CAMBRIDGE, MA—Draper is honored to support two nationally recognized programs for promising students in the aerospace industry: the Patti Grace Smith Fellowship program and the Brooke Owens Fellowship program.
This summer, Draper will welcome three students from the two fellowship programs to join the company for practical, hands-on experience in the aerospace sector. Because the company works with both commercial and government customers, the students may have an opportunity to contribute to programs in areas including lunar exploration, hypersonic flight and space science.
Kendra Rivers is a Patti Grace Smith Fellow studying engineering science at Suffolk County Community College. Rivers earned a bachelor’s degree in history and taught science and math before deciding on a career in engineering. She discovered her interest in engineering while studying as a NASA Community College Aerospace Scholar and working as a STEM Educator at the Cradle of Aviation Museum. Rivers, originally of Long Island, New York, will work in the Harsh Environment Systems group at Draper.
Liza Graybill is a Brooke Owens Fellow and a student in aerospace engineering at the University of Colorado Boulder. Graybill’s interest in aerospace was sparked early on during visits to the Kennedy Space Center in Cape Canaveral. She discovered engineering at Pima Community College in Tucson, Arizona, guided by a professor who suggested her success in two classes—psychology and business calculus—and as a tutor, could translate to engineering. The combination put her on a path to study aerospace engineering. Graybill, originally from Lititz, Pennsylvania, will work in the Simulation and Visualization group at Draper.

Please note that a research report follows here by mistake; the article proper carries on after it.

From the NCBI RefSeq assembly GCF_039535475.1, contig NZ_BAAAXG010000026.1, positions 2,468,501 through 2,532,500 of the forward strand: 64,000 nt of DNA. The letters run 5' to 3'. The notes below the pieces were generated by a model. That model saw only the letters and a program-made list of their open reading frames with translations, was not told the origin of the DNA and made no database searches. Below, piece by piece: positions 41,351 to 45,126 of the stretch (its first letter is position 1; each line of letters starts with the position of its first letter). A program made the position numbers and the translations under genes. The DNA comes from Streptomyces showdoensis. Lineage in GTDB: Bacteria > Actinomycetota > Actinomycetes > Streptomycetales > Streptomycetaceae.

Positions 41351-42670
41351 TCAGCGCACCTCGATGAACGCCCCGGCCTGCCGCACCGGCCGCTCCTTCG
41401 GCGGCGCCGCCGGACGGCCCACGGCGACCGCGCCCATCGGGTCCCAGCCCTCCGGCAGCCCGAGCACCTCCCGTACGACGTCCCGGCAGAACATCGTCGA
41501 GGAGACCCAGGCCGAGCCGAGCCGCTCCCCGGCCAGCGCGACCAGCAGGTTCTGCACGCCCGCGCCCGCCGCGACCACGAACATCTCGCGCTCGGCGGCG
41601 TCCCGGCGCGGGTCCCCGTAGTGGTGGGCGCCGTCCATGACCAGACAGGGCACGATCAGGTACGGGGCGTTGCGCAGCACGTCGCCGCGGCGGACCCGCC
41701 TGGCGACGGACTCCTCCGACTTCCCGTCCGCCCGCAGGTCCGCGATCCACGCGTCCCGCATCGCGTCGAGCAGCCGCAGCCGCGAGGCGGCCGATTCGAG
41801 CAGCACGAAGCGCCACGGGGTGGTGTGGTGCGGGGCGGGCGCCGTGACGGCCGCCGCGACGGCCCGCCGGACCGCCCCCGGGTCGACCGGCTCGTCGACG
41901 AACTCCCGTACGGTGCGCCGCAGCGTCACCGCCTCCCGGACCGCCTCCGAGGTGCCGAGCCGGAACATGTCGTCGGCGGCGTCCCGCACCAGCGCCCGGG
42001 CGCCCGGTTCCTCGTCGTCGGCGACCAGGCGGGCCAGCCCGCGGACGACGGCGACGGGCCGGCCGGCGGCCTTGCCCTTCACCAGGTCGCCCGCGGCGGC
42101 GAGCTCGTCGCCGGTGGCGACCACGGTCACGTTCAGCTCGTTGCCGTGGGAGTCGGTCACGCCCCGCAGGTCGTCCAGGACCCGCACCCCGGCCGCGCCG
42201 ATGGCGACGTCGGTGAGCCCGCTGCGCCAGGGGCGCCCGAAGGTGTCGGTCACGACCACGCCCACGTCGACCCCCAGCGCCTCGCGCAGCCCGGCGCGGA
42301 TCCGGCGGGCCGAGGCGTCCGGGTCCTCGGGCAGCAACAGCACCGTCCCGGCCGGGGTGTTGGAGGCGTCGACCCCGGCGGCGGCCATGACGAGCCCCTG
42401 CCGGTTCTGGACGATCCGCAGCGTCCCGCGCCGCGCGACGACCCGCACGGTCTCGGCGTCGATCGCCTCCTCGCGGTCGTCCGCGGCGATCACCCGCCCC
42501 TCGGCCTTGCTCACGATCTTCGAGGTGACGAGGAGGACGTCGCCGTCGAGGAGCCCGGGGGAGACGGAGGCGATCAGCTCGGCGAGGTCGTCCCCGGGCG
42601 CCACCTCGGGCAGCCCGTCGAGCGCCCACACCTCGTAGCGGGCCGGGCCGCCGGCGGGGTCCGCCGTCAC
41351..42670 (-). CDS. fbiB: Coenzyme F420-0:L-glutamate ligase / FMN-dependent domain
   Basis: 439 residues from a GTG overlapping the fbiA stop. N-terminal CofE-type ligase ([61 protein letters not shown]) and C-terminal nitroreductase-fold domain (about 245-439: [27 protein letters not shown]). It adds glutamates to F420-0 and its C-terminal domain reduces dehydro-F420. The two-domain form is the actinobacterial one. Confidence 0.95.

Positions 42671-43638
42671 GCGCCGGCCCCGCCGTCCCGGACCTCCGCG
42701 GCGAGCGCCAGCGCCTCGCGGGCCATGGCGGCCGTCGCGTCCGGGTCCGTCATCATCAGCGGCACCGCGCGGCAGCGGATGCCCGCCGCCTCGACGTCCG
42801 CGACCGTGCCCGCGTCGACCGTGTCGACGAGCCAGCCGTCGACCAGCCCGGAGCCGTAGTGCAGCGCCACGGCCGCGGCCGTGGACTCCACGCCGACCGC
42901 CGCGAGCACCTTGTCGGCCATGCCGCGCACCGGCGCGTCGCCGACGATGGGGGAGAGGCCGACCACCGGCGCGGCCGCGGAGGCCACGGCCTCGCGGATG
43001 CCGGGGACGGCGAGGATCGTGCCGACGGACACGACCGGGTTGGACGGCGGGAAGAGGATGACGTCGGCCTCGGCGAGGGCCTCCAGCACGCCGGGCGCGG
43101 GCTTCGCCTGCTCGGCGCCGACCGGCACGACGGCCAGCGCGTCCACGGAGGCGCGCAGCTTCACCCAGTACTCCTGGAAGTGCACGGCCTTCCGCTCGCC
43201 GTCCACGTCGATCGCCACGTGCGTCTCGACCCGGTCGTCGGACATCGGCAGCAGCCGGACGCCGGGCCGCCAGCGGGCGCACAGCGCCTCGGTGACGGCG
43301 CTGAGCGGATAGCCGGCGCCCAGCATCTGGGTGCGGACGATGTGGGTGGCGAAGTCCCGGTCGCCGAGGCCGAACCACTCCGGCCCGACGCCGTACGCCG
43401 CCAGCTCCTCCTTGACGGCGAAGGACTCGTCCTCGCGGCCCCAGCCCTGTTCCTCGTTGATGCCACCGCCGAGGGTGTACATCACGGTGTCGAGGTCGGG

Teresa Nguyen is a Brooke Owens Fellow studying electrical engineering at Portland State University. Before enrolling at the university, Nguyen earned a bachelor’s degree in metalworking; worked in STEM education, community organization and youth programs; and was a member of the Portland State Aerospace Society as a technical editor and researcher in propellant tanks. Nguyen, originally from Portland, Oregon, will work in the Electrical Computer-Aided Design group at Draper, with a focus on building component relationships in 3DX.
At Draper, the fellows will contribute to teams, under the supervision of mentors, that are engaged in a range of aerospace programs for commercial and government customers. Programs and capabilities may include hypersonic testing, navigation systems for robotic lunar landers, model-based design, computational modeling, machine learning and systems and capabilities for operating in the harsh environment of space.
Nguyen says the Brooke Owens Fellowship “is the most unique fellowship I have seen. The program considers not just your academic merits and GPA, but also your identity as a person outside of academic success. It’s inclusive of the broader community, including people of color and nonbinary student scholars.”
Graybill says she is looking forward to Draper and “is excited to be inspired by the people around me and the work.” Graybill was drawn to aerospace engineering in part because of her experience with hypersonic wind tunnels at the University of Arizona made possible by a Research Experience for Undergraduates program in partnership with her community college. “It’s getting your hands dirty outside the theoretical that’s important.” Her advice to the younger generation: “Keep working; keep reaching. You will surprise yourself. I haven’t found my ceiling yet.”
Rivers, who calls herself a nontraditional student, says taking risks has its benefits. She advises aspiring engineers to “go for it. And lean on as much support as you need.” She adds: “It is an honor to be selected for a fellowship dedicated to upholding the legacy of an esteemed and influential African-American woman, Patti Grace Smith.”
Draper excels at providing students with experiential learning. Since 1973 the company has supported more than 1,000 graduate students pursuing advanced degrees in engineering and the sciences.